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Yoga Position – What Does Each Type Do?
By: Della Menechella

I often wondered what the value of each type of yoga position is, so I did some research to find out. All yoga positions help to develop strength and flexibility. Yet the type of yoga position that you do also offers some very specific benefits.

Standing Poses

They are included in many poses and they help to align your feet and body. This type of yoga position is especially useful in improving your posture. Standing poses strengthen your legs while simultaneously increasing flexibility in your legs and hips. They add to the mobility of your neck and shoulders and they increase the flexibility in your pelvis and lower back. One of the most basic standing poses is Mountain Pose.

Seated Poses

These poses help increase flexibility in your hips and lower back, while also strengthening your back. They add suppleness to your spine and elasticity to your hips, knees, ankle and groin. They also encourage deeper breathing, which contributes to you feeling calm and peaceful.

Forward Bends

This type of yoga position helps stretch your lower back and hamstrings. Forward bends also release tension in your back, neck, shoulders, and increase the flexibility in your spine. They often promote a sense of calmness. I find forward bends particularly challenging since I have a considerable amount of stiffness in my neck due to an old gymnastics injury. This is the type of yoga position where I often use a prop such as a strap or block.

Back Bends

They open your chest, rib cage, and hips. They strengthen your arms and shoulders, while simultaneously increasing flexibility in your shoulders. They help relieve tension from the front of your body and hips and they also increase spinal stability. You should always do back bends as a complement to forward bends in order to maintain balance in your body.

Balance

Although balance poses can be challenging, I find them to be some of the most fun poses to do. They help you develop muscle tone and coordination and also strength and agility. They help improve your posture because you really need to elongate your spine in order to keep yourself from falling over. This type of yoga position helps train your mind to focus your attention; if your attention if not focused, you will not be able to do the pose.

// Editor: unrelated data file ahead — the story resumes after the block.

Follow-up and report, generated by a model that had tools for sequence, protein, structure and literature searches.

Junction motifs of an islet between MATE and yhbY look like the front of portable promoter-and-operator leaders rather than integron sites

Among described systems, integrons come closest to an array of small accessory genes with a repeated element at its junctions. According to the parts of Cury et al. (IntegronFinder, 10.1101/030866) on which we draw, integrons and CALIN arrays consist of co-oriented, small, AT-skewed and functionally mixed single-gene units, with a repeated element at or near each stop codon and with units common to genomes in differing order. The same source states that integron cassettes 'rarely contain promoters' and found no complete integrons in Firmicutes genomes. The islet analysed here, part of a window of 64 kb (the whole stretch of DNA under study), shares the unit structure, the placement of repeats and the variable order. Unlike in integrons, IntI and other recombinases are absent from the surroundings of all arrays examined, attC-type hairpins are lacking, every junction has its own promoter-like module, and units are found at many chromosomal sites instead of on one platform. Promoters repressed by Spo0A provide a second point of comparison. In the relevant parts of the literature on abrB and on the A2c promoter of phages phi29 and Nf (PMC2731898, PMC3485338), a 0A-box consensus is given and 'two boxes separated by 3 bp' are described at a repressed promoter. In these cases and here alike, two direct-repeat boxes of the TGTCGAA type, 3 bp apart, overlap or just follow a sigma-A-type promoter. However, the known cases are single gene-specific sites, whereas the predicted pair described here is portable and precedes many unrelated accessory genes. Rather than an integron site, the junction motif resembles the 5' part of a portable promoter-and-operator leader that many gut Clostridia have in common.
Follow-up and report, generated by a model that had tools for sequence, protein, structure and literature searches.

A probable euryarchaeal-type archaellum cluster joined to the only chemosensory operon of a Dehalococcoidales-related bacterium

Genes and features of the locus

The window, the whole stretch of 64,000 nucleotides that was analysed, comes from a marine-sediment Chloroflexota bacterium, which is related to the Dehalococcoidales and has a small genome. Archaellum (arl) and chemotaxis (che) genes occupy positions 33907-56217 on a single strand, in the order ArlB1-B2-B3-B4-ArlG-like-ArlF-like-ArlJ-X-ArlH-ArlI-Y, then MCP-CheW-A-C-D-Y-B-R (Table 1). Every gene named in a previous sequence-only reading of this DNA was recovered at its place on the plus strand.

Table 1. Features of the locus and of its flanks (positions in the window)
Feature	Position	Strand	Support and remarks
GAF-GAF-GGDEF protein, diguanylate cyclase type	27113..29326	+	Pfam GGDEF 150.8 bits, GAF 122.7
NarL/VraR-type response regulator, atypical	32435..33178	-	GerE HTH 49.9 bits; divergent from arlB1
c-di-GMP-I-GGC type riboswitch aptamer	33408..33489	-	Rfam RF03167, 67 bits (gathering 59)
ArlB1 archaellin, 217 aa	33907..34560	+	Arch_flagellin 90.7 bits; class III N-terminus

Twists
I love to do twists. Twists release tension in your spine and increase shoulder and hip mobility. They also help relieve backaches by stretching and opening up your back muscles. I often experience tightness in my upper back and twists help me loosen up this area. It is important to always do twists on both sides of your body in order to ensure alignment and balance.

Supine and Prone Poses

Supine poses are done on your back. They help stretch your abdominal muscles, they open your hips, and increase your spinal mobility. They release tension and strengthen your back, arms and legs.

Prone poses are done facing the floor. They strengthen your arms and back and open up your hips and groin. They relieve tension and increase flexibility in your spine. One of my favorite prone poses is Extended Seal because I find it very relaxing and it helps stretch out my shoulders and upper back.

Inversions

This type of yoga position develops strength and stamina, particularly in your upper body. It also increases circulation because since your legs are higher than your heart, it reverses the normal flow of blood. Inversions help pull fluid out of your feet and legs, so they are great to do after you have been standing up for a long time. Advanced inversion poses require a great deal of strength and alignment and should only be learned under the guidance of a certified teacher. People with glaucoma, pregnant women and those who are menstruating should avoid inversion poses.